Email:email@example.com Year of Study: PhD 4 Year of receipt: 2011 Supervisor: Dr. Robert Muller
Julie is a fourth year doctoral student in the Clinical-Developmental Psychology Programme at York University. She is a graduate student in Dr. Robert Muller's Trauma and Attachment laboratory. She is a manager of the Healthy Coping Project, a community-based initiative to evaluate the effectiveness of Trauma-Focused Cognitive Behavioural Therapy. Her role in the project has led to both research and clinical experiences working with school-aged children who have experienced trauma. Her research interests lie in the area of evaluating the effect of maternal factors on child therapy outcome following trauma.
Email:firstname.lastname@example.org Year of Study: MA, 2nd Year Year of receipt: 2011 Supervisor: Dr. Rebecca Pillai Riddell
Lauren is currently completing her master's degree in Clinical Developmental Psychology in the Opportunities to Understand Childhood Hurt (O.U.C.H.) laboratory. Her broad research interests lie in pediatric health and illness in the context of the caregiver-child relationship. Her master's thesis will be examining the relationships between caregiver sensitivity and infant pain development over the infant's first year of life.
Lisa is currently completing her Bachelor of Science in Nursing. Lisa received an Honours B.Sc. at the University of Toronto in 2002. Lisa completed her community placement in a Maternal-Infant Health program and is currently completing her Integrated Practicum at a birthing centre in Toronto.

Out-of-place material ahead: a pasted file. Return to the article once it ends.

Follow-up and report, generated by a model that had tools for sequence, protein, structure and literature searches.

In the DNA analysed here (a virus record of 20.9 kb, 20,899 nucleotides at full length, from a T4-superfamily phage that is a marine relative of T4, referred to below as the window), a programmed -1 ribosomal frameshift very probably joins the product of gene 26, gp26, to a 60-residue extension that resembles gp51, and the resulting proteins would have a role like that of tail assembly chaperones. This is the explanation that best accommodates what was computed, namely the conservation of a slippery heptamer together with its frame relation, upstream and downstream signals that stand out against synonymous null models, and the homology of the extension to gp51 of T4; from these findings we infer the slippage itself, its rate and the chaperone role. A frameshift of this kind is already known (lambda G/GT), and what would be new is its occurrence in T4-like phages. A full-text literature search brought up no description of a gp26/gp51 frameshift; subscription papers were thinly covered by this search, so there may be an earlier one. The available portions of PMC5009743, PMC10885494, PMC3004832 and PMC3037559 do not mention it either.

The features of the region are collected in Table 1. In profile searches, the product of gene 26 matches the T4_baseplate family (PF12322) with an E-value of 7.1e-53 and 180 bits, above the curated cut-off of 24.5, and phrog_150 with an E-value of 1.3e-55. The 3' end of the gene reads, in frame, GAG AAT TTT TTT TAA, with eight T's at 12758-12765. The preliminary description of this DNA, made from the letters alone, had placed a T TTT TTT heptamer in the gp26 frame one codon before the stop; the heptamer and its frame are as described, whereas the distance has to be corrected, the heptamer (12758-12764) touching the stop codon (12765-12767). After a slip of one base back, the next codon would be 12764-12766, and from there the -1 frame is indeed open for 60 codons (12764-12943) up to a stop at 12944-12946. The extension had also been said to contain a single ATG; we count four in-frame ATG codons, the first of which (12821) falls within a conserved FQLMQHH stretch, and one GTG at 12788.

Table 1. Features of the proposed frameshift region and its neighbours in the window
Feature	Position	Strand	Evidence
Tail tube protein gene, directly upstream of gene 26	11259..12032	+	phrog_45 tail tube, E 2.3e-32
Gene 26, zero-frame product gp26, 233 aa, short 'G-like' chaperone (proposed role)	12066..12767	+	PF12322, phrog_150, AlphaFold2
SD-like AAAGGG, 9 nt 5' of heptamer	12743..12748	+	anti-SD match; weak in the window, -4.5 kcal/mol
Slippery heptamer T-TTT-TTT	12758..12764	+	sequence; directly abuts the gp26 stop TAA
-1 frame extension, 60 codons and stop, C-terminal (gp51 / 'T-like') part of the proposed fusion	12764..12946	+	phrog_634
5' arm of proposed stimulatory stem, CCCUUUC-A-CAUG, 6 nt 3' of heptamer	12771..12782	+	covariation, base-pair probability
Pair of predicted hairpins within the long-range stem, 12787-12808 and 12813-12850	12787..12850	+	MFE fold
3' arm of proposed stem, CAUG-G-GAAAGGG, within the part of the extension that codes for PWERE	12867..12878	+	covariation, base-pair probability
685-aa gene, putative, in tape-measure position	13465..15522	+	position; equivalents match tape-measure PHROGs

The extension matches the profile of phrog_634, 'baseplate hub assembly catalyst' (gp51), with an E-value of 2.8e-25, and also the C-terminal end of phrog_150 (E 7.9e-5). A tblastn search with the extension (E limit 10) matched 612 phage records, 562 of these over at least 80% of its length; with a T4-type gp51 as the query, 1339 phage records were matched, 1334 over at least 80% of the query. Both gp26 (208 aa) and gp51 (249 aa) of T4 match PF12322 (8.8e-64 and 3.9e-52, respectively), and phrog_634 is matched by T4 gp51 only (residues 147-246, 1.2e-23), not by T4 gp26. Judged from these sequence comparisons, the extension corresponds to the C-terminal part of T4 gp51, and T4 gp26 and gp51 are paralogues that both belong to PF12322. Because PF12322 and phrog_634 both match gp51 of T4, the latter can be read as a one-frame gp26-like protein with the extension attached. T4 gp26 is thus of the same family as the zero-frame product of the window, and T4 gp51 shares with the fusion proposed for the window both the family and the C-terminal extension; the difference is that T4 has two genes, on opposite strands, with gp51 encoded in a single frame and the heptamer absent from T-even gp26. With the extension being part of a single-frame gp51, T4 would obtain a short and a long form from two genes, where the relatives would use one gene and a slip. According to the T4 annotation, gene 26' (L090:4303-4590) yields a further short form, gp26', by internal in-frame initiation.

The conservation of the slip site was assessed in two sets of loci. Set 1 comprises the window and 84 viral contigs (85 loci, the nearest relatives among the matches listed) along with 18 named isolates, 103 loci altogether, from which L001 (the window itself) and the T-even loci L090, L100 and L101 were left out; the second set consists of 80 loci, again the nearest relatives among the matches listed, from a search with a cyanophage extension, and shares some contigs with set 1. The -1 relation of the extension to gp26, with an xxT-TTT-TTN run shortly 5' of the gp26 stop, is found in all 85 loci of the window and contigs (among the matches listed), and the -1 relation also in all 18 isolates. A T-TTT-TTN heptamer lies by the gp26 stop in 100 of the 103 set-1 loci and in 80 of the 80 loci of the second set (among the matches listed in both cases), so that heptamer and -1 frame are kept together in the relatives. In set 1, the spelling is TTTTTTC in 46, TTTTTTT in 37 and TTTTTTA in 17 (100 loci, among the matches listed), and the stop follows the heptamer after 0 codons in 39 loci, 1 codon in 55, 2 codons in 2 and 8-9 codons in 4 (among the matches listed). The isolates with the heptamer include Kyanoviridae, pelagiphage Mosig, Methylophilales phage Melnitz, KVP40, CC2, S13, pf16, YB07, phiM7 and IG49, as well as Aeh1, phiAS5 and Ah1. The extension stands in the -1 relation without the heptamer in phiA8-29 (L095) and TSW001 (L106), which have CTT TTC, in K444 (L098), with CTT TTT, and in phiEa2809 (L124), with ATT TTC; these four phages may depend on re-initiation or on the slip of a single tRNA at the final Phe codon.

Naomi is a fourth year B.Sc. student majoring in psychology at York University. She is also a part time Elementary School teacher and is interested in intervetions to improve the mental health of young children with emotional and developmental challenges. Naomi is currently completing an independent study with Dr. Christine Jonas-Simpson investigating how children cope with the death of an infant sibling, as well as the role of teachers in this grieving process.
Email:email@example.com Year of Study: MSc, Year 1 Year of receipt: 2011 Supervisor: Dr. Hala Tamim
Theresa is a 1st year MSc candidate at the School of Kinesiology and Health Science, specializing in Epidemiology under the supervision of Dr. Hala Tamim. She earned her Honours BSc at the University of Toronto, and has worked for several years in the maternal-child health field at the Department of Family & Community Medicine as a research assistant/project coordinator for the PRIMA project. Currently, Theresa's research focus is on the effect of social support around pregnancy on postpartum depression in Canadian teen mothers and adult mothers.
Email:firstname.lastname@example.org Year of Study: PhD 1 Program name: Clinical-Developmental Psychology Supervisor: Dr. Yvonne Bohr
Deborah Kanter is a first year doctoral student in the Clinical-Developmental Psychology program at York University. Her research focuses on the prevention of aggression in children who are at-risk of developing behaviour problems. Her master’s thesis examined the relationship between maternal depression and child behaviour problems, and the different parenting behaviours that play a role in this association. In the future, Deborah plans to use her research to critically inform prevention programs and policy.
September 27, 2013: Lillian Wright Maternal-Child Institute *more info coming soon
To view the full line up of 2012 - 2013 Speakers for the Women's Mental Health and Wellbeing Speakers Series, please visit us here.
Post Doc Opportunity
We are delighted to announce the launch of the inaugural Lillian Wright Postdoctoral Fellowship in Maternal Child-Health at the Faculty of Health at York University. Please click the link for information on the fellowship and application process.